"Empowerment through education,
results through advocacy."
The term litigation refers to the processes associated with legal actions and proceedings. Divorce litigation, specifically, refers to legal proceedings in which two parties entrust the final outcome of their marital dissolution to the judicial system because they are unable to reach agreement on terms of a marital settlement. In litigated divorce proceedings each party generally hires their own attorney to represent their interests through negotiation and trial. Accordingly, issues like spousal support, child custody, child support, and property division are argued before the court, a process culminating in a final judgement arrived at by a judge.
Custody disputes are painful and potentially damaging to parents and children alike. While property can be replaced and new love found, nothing can replace your children or your time with them. As children thrive on supportive relationships with both parents, matters of child custody take on special significance, requiring realistic assessment, thoughtful planning and compassionate enforcement.
As an experienced mediator, negotiator and advocate, Sara will craft a parenting plan that will best serve you and your children. While Sara encourages and prefers co-parenting arrangements, she aggressively pursues sole custody for clients should circumstances warrant.
Sometimes a step-parent or other parental figure, generally referred to as a psychological parent, may be awarded custody or visitation rights over the objections of a biological parent.
Cases involving psychological parents hinge on the court's careful consideration of the circumstances in light of the child's needs. Therefore, successful advocacy for a psychological parent will always draw direct connections between the involvement of that parental figure and the welfare of the child, while calling special attention to the potential damage caused by their separation. Of course, the successful defense of a psychological parent claim requires demonstrating a lack of connection or a detriment to the child should a relationship be allowed to continue.
Paternity, one's state of being a father, can be surprisingly complicated. The legal father may or may not be the biological father. In Oregon, a man who is married to a woman when her baby is born is presumed to be the legal father even if he and the mother had not yet met when the child was conceived. Consequently, removing a father from a child’s birth certificate is not as simple as taking a DNA test.
While setting aside paternity can be challenging, limited circumstances allow for the removal of a legal father from a child's birth certificate. Conversely, men who assume the role of father may have custody or visitation rights otherwise reserved for biological parents. With such cases requiring a careful consideration of the facts and a specialized knowledge of the law, paternity cases should only be brought or defended before the court by experienced family law attorneys.
No one enters a marriage thinking they will end up in divorce court. Divorce is painful, expensive and potentially humiliating. Therefore, I generally encourage my clients to end this significant relationship with as much grace and dignity as possible, especially if children are involved.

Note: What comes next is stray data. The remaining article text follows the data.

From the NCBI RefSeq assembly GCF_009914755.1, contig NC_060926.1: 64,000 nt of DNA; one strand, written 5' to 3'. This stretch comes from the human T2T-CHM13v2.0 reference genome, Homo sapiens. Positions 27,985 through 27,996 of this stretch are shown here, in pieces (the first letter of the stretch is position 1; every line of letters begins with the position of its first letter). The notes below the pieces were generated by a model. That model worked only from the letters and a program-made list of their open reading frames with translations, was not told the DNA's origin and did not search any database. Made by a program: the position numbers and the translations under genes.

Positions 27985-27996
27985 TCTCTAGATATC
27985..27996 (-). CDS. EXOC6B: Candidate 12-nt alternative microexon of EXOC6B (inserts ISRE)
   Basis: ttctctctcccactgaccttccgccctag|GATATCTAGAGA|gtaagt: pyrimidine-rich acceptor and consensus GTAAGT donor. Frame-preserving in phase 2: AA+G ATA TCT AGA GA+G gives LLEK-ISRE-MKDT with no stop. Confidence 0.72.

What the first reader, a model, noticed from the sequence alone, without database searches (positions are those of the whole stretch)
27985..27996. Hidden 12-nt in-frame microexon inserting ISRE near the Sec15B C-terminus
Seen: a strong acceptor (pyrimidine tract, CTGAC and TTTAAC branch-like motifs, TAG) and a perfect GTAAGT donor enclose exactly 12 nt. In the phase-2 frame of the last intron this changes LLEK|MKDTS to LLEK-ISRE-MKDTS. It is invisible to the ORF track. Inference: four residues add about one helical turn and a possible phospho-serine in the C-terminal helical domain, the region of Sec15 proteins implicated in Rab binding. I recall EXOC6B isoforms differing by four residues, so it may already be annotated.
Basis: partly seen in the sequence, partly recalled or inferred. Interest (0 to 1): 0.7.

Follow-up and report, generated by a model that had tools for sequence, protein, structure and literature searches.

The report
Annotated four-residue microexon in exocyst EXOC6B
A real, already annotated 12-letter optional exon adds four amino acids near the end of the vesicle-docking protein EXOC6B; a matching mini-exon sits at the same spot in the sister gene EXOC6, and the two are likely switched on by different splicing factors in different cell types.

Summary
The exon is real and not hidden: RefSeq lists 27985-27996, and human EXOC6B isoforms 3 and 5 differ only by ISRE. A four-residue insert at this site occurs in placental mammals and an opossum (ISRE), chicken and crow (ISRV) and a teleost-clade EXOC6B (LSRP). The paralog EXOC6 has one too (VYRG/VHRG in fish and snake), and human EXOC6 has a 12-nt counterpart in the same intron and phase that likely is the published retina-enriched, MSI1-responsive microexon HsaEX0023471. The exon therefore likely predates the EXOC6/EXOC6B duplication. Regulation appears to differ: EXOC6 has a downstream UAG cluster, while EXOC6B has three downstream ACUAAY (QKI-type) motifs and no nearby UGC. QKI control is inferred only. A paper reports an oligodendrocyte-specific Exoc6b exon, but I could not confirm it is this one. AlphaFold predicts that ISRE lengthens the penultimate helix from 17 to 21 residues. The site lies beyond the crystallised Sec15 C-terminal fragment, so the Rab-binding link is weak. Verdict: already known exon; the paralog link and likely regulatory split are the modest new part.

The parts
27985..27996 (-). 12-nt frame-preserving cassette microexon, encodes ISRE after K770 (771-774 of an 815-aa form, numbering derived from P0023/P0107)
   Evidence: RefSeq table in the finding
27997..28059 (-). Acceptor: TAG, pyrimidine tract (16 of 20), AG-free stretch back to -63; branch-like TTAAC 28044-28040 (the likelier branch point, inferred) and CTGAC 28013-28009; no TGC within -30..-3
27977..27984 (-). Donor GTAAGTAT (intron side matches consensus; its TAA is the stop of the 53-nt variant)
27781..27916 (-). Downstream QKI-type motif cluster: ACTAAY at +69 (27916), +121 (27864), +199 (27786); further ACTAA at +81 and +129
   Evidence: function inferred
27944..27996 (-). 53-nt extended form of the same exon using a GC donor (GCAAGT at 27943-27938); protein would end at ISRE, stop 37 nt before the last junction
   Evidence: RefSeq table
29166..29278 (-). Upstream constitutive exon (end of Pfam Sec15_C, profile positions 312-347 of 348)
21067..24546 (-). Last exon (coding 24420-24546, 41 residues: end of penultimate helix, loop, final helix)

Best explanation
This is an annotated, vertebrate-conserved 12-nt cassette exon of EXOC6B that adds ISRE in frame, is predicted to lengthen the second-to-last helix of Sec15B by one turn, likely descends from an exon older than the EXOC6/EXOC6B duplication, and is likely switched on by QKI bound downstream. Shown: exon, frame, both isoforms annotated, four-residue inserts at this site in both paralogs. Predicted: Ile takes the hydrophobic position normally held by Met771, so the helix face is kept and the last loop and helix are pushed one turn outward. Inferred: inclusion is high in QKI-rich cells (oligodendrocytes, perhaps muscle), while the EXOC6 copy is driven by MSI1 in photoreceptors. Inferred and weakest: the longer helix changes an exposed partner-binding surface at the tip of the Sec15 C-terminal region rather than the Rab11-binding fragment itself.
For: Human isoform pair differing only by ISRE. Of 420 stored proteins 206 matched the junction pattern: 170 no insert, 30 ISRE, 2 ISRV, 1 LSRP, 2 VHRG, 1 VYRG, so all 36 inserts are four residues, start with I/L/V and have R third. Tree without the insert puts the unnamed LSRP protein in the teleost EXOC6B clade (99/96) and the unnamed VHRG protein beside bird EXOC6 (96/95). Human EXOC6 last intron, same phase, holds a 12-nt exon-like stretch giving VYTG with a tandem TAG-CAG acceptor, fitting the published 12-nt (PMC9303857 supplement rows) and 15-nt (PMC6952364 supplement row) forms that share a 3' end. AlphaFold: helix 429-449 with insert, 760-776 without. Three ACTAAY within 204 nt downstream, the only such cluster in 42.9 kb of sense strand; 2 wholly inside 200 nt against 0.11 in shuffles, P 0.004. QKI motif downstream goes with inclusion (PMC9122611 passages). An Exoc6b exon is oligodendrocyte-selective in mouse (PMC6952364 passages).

This said, my principle responsibility remains the welfare of my clients. Accordingly, I will always be ready to take an aggressive stance when protecting your assets and ensuring your current and future security. I will not allow the real efforts you put into the prosperity of your family to be diminished or disregarded by a self-interested opposing party.
The court may award temporary spousal support upon separation and either permanent or fixed-period support upon divorce. The type, amount and duration of support is determined by the unique facts of each case. Transitional, compensatory and maintenance support orders are issued in an effort to create an equitable division of financial comfort according to each parties’ contributions during the marriage and earning ability following dissolution. Keep in mind that Oregon law states that non-economic contributions, such as home-making, have the same dollar value as traditional employment.
Transitional support helps a spouse return to self-sufficiency. Ordered for a limited period of time, this may include financial assistance for job training or for the completion of a college degree.
Compensatory support is designed to repay a spouse whose efforts made the other spouse’s career possible. For example, if you financially supported your spouse through medical school you may have a claim for a portion of his or her future earnings.
Maintenance support, generally awarded indefinitely or permanently, is designed to maintain a standard of living for a spouse who will never achieve the same earning power as another spouse, whether due to an established division of responsibilities within the marriage, or as a result of debilitating circumstances such as accident or illness.
Because spousal support orders have a direct impact on your quality of life long after divorce, you will need either an aggressive attorney prepared to litigate on your behalf or an experienced mediator equipped to help you both negotiate equitable solutions. Please, do not attempt to negotiate these issues on your own, regardless of how reasonable your spouse appears to be at present. Quite simply, the stakes are too high to rely on anything less than expert advocacy and guidance.